Elm Farm bike hire, camping and cafe in Cornwall.

As well as cycle hire, repairs and sales we have a Camping and Caravanning Club campsite with spacious pitches spread over 2 beautiful sheltered fields, a cafe/bar to enjoy and a cute 2 bedroomed holiday cottage.

We are positioned in a rural setting close to the north coast footpath between the sandy beaches of Porthtowan and Portreath, famous for their rolling breakers and relaxed surfing scene.

Free parking is available if you have your own bikes or want to use us as a base for activities such as great walks and bird watching.

Elm Farm is situated on the network of routes called "Mineral Tramways" that follow the route of some of the Cornish mining rail network. The most popular route runs from Portreath on the North coast to Devoran on the South Coast. Elm Farm is just 2 miles from Portreath and 1 mile from Porthtowan which boasts a great beach with Blue Flag status.

The 11 mile Coast to Coast Trail, sometimes called The Bissoe Trail, passes right by Elm Farm and is suitable for young and old alike taking less than 2 hours in each direction at a leisurely pace. This network of cycle trails provides a special way to understand Cornwall's industrial heritage within a wide variety of stunning landscapes.

What the press say...

"...the Coast to Coast Trail, which starts at the north coast village of Portreath and weaves its way down to the south coast hamlet of Devoran – a distance of about 12 miles. There's one main road to cross, but all bar half-a-mile or so of the route is on wide cycle paths running through glorious, rolling hills. We pass cows grazing in the sunshine, white-washed stone walls bordering idyllic cottages, and two old men leaning on a gate – a scene so perfect that I suspected the gentlemen in question of being employed by the Cornish tourist board. It's virtually impossible to get lost; waymarkers guard every tricky junction, relaying where you are, which trail you're on, and which direction you should be heading.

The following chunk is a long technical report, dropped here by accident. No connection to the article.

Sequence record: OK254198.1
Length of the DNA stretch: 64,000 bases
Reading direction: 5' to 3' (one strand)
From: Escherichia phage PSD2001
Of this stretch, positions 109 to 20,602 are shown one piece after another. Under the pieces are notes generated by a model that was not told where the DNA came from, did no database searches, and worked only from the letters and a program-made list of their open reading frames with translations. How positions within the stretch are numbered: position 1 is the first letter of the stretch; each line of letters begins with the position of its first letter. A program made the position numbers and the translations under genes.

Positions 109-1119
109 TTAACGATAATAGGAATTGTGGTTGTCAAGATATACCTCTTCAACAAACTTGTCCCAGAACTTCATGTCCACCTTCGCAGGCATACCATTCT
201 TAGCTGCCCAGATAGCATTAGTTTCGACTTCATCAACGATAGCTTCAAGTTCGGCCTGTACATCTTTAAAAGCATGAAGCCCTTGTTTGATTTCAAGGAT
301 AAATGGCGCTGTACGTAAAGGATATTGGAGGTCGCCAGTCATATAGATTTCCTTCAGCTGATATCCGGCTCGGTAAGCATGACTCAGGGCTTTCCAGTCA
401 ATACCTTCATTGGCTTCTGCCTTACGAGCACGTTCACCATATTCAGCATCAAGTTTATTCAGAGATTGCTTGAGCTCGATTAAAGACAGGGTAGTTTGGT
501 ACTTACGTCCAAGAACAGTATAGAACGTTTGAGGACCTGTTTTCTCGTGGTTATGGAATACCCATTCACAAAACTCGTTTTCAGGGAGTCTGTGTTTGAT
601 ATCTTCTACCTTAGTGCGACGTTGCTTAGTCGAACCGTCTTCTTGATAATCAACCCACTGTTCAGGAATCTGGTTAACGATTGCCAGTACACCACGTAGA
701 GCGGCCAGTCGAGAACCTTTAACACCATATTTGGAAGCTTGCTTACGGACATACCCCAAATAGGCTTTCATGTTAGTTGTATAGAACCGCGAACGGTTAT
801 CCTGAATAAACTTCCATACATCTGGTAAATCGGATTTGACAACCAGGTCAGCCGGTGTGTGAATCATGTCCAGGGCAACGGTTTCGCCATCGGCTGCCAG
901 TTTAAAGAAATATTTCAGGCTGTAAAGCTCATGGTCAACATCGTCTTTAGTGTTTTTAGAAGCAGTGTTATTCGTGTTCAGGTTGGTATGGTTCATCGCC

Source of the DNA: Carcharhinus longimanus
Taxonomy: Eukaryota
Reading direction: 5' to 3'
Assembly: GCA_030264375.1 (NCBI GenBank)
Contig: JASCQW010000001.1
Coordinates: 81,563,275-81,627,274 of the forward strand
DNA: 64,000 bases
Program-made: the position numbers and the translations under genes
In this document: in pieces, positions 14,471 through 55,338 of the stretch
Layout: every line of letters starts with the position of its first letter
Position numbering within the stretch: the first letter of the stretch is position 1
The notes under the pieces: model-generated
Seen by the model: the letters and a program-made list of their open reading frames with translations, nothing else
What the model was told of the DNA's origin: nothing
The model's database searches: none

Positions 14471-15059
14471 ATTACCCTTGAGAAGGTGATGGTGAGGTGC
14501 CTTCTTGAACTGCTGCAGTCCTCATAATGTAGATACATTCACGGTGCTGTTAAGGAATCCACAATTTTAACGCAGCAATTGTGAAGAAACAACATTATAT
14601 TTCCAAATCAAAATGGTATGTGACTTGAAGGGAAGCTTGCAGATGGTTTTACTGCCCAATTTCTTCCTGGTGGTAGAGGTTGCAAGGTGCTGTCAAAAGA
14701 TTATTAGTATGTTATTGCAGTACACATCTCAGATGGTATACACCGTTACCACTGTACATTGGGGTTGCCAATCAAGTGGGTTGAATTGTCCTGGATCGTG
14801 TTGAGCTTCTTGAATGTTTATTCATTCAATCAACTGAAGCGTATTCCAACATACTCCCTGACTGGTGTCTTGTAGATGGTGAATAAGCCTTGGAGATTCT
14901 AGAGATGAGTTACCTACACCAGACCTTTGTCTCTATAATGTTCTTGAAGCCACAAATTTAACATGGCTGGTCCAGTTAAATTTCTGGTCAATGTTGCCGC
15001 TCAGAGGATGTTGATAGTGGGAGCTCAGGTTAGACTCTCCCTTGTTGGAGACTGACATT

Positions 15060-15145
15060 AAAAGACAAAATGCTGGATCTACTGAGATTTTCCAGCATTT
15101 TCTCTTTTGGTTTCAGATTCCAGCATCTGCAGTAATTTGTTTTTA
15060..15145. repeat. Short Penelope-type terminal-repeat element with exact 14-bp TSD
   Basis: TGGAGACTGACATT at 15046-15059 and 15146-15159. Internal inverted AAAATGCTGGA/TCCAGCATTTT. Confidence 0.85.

The trail dips and twists through forests, runs parallel with gurgling streams and never gets too steep or strenuous for moderately competent cyclists. An hour out, we pass under a spectacularly beautiful Carnon Viaduct, almost 100ft high and built when such enormous structures actually added to the beauty of the landscape. A group of climbers about to tackle one of its eleven arches nod and say hello as we glide past.

This is clearly a great family day out."
The Independent